Monday , September 26 2022

Feedback was searched on Newtown bike connections



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People who live or travel regularly in Newtown, Berhampore and Mt Cook are asked to provide feedback on possible bike routes and street changes – feedback that will be used to help plan safe and convenient bike connections in these neighborhoods.

Maps showing three different route packages and possible street changes are available from today's transportprojects.org.nz website.

They cover the area on Dee Street, south to the basin reserve, include a lot of different streets, some off-road connections, different bike options and options for the busiest routes and possible changes on some streets to encourage lower speeds and provide quieter road connections.

This feedback phase, ending Tuesday, December 11, is the second of the three opportunities that the community will have to help shape out what is happening in the wider Newtown area. The final plans will also be influenced by the Let's Wellington Moving project, which looks at wider transport changes for the city.

Mayor Justin Lester says that maps and information on the various paths that can be developed through this area are designed to make people think and speak.

"Nothing is yet at a detailed design stage and no decisions have been made on routes or changes – so it is a very good time to get involved. The more the community we can get at this stage, the better ".

Councilor Sarah Free, the leader of the Walking, Cycling and Public Transport Portfolio, thanked the over 770 people who gave their initial thoughts a few months ago during the first round of community talks on the Newtown Connections project.

"Eighty-five percent said it is important or very important to make it easier and safer for more people to cycle their bikes in and around the wider Newtown area," she says. "Now is the time to work together to develop the best possible plan for how we will do that.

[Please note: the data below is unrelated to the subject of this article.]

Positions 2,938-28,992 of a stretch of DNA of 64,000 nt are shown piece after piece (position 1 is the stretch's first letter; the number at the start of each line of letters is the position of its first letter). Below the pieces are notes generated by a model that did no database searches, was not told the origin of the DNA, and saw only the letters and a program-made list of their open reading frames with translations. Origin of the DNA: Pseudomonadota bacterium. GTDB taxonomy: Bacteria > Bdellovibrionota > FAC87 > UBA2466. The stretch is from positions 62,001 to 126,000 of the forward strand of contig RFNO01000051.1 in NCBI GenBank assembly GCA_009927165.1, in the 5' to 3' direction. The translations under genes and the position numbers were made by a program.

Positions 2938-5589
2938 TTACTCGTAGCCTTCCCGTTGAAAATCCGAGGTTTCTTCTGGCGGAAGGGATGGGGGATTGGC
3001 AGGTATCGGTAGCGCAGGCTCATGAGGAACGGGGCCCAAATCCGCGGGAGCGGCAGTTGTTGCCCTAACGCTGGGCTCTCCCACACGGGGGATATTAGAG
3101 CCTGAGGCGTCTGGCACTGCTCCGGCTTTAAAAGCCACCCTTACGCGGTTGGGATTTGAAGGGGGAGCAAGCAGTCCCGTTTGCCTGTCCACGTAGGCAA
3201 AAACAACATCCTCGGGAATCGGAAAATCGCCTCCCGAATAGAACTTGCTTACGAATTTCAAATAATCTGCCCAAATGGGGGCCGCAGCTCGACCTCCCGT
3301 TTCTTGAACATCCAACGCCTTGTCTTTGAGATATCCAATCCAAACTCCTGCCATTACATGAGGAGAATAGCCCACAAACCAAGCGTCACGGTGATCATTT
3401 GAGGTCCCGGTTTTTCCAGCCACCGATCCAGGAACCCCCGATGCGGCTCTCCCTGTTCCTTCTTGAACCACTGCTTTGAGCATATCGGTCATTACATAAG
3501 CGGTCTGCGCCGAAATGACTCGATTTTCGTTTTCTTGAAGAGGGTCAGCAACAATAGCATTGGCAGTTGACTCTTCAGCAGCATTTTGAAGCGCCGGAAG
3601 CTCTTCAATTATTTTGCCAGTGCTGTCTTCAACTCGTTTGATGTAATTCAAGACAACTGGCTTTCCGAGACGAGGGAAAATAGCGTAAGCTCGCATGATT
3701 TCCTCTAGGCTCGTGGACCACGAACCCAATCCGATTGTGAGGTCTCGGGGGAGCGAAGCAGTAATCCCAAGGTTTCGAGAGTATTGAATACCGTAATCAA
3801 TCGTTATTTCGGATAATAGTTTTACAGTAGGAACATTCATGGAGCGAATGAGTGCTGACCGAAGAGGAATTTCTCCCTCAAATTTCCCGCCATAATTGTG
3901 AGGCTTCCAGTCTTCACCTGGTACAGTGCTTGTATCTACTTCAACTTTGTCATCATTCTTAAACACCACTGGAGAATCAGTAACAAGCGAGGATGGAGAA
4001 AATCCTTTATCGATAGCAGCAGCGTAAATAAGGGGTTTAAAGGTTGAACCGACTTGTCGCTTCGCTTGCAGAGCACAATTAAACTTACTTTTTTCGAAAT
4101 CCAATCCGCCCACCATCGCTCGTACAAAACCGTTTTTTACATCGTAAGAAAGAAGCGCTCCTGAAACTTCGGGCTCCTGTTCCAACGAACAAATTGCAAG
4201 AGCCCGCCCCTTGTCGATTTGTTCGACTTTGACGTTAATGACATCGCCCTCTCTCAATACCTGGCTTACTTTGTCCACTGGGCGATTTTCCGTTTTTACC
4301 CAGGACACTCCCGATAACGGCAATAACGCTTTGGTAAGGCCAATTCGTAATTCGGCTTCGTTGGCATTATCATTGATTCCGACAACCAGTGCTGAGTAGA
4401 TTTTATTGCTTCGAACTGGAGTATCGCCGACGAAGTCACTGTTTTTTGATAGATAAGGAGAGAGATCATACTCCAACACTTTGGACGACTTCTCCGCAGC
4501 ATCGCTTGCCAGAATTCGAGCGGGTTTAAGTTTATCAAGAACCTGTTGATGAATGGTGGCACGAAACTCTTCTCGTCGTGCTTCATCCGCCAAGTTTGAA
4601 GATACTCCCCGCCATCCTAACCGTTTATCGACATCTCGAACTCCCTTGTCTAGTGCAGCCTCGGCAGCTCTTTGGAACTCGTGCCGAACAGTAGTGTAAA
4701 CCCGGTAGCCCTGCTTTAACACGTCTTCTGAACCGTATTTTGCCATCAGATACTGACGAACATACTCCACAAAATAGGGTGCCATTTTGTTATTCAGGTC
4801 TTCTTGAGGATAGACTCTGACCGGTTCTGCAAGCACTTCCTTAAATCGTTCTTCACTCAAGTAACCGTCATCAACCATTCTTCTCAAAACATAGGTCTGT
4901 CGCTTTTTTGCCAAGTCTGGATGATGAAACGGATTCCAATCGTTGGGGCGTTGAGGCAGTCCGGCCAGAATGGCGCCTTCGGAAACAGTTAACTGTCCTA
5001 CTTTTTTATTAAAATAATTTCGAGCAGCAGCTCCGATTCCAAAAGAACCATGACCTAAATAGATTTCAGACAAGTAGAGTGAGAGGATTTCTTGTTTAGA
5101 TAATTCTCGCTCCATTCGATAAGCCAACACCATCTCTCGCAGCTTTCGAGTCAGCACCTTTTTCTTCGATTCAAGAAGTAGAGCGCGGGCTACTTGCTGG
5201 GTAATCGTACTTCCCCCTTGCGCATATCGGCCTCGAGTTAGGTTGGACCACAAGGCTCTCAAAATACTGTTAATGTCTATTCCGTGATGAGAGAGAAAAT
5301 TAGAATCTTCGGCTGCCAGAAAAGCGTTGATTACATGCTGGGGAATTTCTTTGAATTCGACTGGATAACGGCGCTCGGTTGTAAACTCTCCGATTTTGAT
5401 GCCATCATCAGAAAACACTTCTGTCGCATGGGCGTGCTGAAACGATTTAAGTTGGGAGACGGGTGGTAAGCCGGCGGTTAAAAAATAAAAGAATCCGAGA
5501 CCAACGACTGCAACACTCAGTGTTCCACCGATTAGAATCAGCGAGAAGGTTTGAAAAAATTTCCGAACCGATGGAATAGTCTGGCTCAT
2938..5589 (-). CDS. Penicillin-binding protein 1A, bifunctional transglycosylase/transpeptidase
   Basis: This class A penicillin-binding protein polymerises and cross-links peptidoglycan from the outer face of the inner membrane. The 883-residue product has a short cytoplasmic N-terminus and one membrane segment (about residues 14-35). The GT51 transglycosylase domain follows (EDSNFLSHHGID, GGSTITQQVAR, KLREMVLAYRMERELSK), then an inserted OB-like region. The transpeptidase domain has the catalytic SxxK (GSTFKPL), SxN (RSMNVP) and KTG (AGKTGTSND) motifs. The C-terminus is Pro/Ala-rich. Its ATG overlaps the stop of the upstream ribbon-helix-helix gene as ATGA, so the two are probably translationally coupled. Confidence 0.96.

"We want people to look at the routes in question, what is possible, what will deliver the greatest benefits and what would these connections mean for different streets," she says. "The plan that has been developed could be a mix of different packages – so let us know what you think."

Following the first feedback round in June, planners assessed a multitude of possible ways to provide safer cycling routes and connections.

The three packages under discussion are those that align well with the wishes of the community that have taken place in terms of feedback early this year, fit with the Government and Council funding and planning objectives and offer good connections.

Street parking will almost certainly have to be reduced in places to maintain good vehicle flow and to provide enough space to develop safer cycling connections.

Streets where street parking can be reduced in one or more packages are: Adelaide Road, Rintoul Street, Waripori Street (Rintoul Street to the Russell Terrace section), Russell Terrace, Constable Street and Wilson Street (Daniell Street to Riddiford section). Minor parking adjustments are also possible on the Mein, Tasman, Hanson and Stanley streets, which are marked as routes where changes can be made to encourage lower speeds.

Detailed information is available on the Transportprojects.org.nz website and there will be opportunities to talk to people who have worked through this complex planning exercise.

Drop-in sessions will take place at Riddiford 199, near the New World supermarket, on:

– Tuesday, November 20, between 17:30 and 20:00

– Saturday, November 24, between 12 and 15

– Wednesday, 28 November, from 17:30 to 20:00

– Tuesday, December 4, between 17:30 and 20:00.

The Council has agreed to gradually develop a city-connected bicycle network to give people more options as to how they travel, make things safer and help to manage congestion in the context of increasing the population of the city.

Improvements in the South and East and North along the Hutt Road have been prioritized as these are the areas where it is expected to be the most absorption when there are better bridges, paths and paths.

The Council works very closely with the Government Agency and the NZ to ensure that plans developed for this area are consistent with the types of street changes they are willing to see and who want to help finance.

Feedback is required until 17:00, Tuesday, December 11, and can be provided online at transportprojects.org.nz.

There is a computer at Kia Ora Newtown, 6 Constable Street, 10:00 – 15:00, Tuesday to Friday, and the community liaison counselor is happy to help anyone who needs it. Forms of paper will also be available.

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